Baroness Scott of Needham Market: My Lords, before the noble Lord sits down, is he confident that the erection of stiles would not run contrary to the spirit or the letter of recent disability discrimination legislation? Stiles would comprise difficult obstacles to negotiate for some categories of user.

4.45 p.m.

Lord McIntosh of Haringey: My Lords, the authority responsible for the obstruction would have to consider whether it was reasonable. The authority would be bound by the provisions of the Disability Discrimination Act. I cannot imagine that the Disability Discrimination Act is intended to provide access for disabled people to all non-vehicular rights of way, but I am sure that the authority would have to take it into account.

Lord Luke: My Lords, before the noble Lord sits down, did he answer the question about guidance to local authorities to encourage them to use these new powers?

Lord McIntosh of Haringey: My Lords, the powers are available and local authorities have access to them.

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If it is necessary to produce guidance I am sure that we shall be willing to do so, but I do not think that I want to commit us to more public expenditure if, as I think, there will be widespread popular support for these measures.

Lord Luke: My Lords, I am a little dissatisfied with the answer to Amendment No. 165. However, in the circumstances, I beg leave to withdraw the amendment.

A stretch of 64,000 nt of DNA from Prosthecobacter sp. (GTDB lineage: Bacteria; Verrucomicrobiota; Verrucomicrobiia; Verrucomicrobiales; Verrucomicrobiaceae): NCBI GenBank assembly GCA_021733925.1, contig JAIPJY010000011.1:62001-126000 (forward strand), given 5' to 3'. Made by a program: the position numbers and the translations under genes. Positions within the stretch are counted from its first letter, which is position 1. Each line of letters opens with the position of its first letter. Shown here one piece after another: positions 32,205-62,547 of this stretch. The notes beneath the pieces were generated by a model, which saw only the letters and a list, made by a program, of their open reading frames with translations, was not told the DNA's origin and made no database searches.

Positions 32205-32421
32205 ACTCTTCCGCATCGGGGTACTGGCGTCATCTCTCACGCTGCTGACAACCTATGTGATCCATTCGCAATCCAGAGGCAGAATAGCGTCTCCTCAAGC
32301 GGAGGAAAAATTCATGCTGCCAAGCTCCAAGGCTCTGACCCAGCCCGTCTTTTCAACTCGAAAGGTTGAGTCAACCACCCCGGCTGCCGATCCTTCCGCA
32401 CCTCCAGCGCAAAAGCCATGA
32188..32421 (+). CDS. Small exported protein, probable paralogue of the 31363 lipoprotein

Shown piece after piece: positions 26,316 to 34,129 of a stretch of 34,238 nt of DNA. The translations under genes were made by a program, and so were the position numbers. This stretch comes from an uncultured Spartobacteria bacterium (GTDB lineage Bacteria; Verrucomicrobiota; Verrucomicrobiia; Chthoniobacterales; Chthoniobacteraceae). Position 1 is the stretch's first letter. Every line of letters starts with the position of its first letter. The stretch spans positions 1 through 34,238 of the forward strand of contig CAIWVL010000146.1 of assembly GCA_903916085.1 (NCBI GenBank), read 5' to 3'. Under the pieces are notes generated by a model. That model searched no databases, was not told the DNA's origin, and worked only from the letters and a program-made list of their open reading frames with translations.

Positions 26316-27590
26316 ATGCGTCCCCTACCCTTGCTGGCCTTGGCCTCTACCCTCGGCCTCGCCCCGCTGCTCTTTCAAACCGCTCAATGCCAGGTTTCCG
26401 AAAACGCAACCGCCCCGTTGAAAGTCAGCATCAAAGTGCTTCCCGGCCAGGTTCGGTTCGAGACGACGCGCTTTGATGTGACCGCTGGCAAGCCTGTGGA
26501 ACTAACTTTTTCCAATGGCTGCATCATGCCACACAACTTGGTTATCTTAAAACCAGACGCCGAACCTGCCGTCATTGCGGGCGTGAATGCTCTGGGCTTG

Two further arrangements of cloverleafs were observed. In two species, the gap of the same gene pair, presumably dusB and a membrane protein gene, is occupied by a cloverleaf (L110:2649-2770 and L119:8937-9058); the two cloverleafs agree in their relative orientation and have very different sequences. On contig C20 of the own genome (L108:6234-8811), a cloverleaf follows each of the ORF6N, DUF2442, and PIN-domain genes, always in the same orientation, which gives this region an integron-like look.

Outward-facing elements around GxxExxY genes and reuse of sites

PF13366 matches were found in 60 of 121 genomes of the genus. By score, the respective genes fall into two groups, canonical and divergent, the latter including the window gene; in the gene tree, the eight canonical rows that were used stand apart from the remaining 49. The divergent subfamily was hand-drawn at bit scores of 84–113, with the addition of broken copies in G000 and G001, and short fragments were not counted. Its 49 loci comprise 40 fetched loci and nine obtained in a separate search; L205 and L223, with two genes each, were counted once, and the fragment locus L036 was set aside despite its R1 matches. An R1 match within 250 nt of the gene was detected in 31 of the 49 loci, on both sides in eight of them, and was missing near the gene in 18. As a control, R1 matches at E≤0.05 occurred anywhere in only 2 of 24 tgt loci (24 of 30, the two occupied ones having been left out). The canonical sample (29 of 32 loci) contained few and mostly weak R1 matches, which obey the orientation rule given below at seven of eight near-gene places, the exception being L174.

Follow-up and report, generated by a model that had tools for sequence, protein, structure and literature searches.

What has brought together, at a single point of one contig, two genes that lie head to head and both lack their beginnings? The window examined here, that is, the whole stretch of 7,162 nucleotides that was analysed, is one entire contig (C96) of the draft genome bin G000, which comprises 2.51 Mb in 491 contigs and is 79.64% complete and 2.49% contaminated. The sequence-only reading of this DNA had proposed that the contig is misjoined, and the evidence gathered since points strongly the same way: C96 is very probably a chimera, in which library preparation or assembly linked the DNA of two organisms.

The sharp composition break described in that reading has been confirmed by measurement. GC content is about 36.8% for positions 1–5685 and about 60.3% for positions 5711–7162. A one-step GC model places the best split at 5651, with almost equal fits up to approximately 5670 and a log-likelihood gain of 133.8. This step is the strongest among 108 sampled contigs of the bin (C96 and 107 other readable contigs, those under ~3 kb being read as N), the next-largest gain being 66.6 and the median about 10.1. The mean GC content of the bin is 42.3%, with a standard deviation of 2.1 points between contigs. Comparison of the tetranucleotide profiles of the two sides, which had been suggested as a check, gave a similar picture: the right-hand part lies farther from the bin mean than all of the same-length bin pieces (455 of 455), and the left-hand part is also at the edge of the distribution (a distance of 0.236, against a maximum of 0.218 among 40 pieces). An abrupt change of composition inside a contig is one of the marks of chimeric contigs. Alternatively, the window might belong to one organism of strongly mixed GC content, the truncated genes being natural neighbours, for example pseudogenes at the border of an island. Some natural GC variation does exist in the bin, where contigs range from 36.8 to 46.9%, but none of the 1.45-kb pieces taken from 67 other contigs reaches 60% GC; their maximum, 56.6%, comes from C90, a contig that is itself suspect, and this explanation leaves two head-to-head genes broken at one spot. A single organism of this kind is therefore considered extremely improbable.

Amendment, by leave, withdrawn.

[Amendment No. 165 not moved.]

Baroness Byford moved Amendment No. 166:

    After Clause 50, insert the following new clause--


(" .--(1) Any public right to use a way with mechanically propelled vehicles that--
(a) existed before 1st January 1949;
(b) is not over a trunk, classified, principal or special road;
(c) is over a way that does not appear at the cut-off date on the definitive map as a byway open to all traffic; and
(d) is not shown to have been exercised by the public at any point between the commencement of this Part and the cut-off date,
shall be extinguished immediately after the cut-off date.
(2) Any owner or lessee of premises adjoining or adjacent to a way over which public rights have been extinguished under subsection (1) above shall, so far as is necessary for the reasonable enjoyment and occupation of the premises, have a right of way for vehicular and all other kinds of traffic over the way.").